30min Rant about self awareness in a private gym

In this series of articles, I will give myself 30min to write about a topic – a rough draft to published. It will be rough and straight to the point. Let’s see how a few of these go and if I have any friends left after this period of time.

Training partners and those who you train with, duh. And to be honest, I’ve had more great partners than terrible ones. Some sort of fall in the middle, too. But in the last 3-4 years, I’ve started to sit back and analyze what I’ve seen work and what usually will not when it comes to a private strength training gym.

I think it’s important that you know where those that train with you – where you stand and where they stand with you. Are they your boys, or are they training partners, people you lift with?

Over the years, I’ve dealt with many different types of training partners. I’d rate them in 3 different categories for the sake of this diddy:

  1. Down to ride – no matter what, they are there. They don’t ever miss unless something serious happens, and then they still, most of the time, make it happen. Hold onto these people and treat them right. They are worth more than any stupid sponsorship, free gear, or anything. Take care of these people. Buy their lunch, give them gifts, and tell them how much you appreciate them. For a successful group, you need 75% of your team like this.
  2. Hot and Cold. These aren’t bad people or training partners; they aren’t down to ride; they let things get into how you and those like us wouldn’t let stop us from training, making a meet, or the like. They are mostly dependable but still not always there when you need them. You still need these people because not everyone loves the sport/to train and aren’t as dedicated as you are. Accept them, but know where to keep them. 20% of your team being this way is acceptable as you need them as they will be there most of the time and aren’t selfish typically.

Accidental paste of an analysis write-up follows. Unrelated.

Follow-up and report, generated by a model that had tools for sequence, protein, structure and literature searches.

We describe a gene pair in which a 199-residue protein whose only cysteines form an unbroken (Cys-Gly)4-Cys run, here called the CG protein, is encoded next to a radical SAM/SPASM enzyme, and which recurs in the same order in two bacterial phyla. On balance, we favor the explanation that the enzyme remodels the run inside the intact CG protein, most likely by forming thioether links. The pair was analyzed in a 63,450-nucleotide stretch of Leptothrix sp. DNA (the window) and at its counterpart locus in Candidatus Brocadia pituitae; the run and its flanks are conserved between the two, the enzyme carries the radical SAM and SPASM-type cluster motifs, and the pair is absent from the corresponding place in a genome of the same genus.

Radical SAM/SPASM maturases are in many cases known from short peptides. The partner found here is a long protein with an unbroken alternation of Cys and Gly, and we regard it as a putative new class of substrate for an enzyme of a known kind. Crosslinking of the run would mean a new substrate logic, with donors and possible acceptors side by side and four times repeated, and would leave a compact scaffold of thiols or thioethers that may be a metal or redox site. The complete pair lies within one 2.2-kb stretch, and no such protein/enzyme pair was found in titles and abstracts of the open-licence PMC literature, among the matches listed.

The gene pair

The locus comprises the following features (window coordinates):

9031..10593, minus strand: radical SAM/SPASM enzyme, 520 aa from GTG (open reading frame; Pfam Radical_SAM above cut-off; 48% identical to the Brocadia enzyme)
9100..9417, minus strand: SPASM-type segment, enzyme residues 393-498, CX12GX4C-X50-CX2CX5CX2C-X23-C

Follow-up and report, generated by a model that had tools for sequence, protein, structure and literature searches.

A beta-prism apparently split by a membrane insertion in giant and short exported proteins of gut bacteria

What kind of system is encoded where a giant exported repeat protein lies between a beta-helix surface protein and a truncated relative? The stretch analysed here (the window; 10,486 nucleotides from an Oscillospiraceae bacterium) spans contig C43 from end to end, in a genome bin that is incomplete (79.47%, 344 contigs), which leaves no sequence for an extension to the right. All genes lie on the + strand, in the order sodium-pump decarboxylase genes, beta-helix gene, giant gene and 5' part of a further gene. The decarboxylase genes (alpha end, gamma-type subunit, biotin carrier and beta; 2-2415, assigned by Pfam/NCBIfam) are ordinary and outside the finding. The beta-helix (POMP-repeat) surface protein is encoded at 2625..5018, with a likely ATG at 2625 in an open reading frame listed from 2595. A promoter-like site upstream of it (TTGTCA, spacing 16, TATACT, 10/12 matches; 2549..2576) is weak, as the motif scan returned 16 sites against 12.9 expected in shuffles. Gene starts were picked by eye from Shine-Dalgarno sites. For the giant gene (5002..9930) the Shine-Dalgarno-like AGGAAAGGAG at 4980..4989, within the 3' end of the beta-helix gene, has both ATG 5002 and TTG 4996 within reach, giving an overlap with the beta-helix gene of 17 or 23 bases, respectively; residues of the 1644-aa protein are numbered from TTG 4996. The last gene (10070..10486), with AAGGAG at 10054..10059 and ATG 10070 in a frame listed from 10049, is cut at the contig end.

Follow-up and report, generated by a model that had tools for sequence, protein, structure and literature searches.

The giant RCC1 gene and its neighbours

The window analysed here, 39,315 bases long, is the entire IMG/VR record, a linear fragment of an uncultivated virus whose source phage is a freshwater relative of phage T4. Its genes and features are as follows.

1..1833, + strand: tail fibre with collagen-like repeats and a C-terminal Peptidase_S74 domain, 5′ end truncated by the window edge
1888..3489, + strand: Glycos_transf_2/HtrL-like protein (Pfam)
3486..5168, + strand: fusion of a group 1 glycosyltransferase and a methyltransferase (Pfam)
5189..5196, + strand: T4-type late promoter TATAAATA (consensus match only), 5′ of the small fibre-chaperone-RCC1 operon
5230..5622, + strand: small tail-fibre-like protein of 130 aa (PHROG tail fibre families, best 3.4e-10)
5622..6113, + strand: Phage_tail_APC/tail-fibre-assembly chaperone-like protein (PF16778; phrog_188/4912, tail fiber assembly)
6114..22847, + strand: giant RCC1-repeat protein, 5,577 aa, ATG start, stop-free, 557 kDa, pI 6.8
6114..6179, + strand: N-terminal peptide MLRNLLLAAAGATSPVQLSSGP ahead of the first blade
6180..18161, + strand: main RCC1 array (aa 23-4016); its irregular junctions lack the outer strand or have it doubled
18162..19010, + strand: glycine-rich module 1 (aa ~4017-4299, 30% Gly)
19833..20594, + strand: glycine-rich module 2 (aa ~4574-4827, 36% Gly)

3. Those you know you can’t count on, so you don’t. This will sound weird, but you still need these training partners or at least available. WHAT? Yes. I fight back and forth on whether it’s worth having them on the team as back-ups or reinforcements, or around at all, and I can’t really ever concluded other than this: have some on standby that you can call in a jam, but these are not people you want to have considered being part of your team. Why? They cause more harm than good, as you aren’t even sure if they will come or not, which after 20 years of training in a private gym, this type of person throws off the mojo and keeps everything from being as cohesive as it may otherwise. It ends up looking like they get special treatment and can just come and go with the same perks, even if that is NOT the case.

I think we can pretty much sort out if we think about it who we train with and where they fall in this category. The problem with this is that it takes time to really know if someone is a good training partner. Typically a minimum of 6months, but for me, I’ve learned how little I can depend on people after 10+ years. That sucks, but it’s part of the process. You learn about someone when things become uneasy and difficult.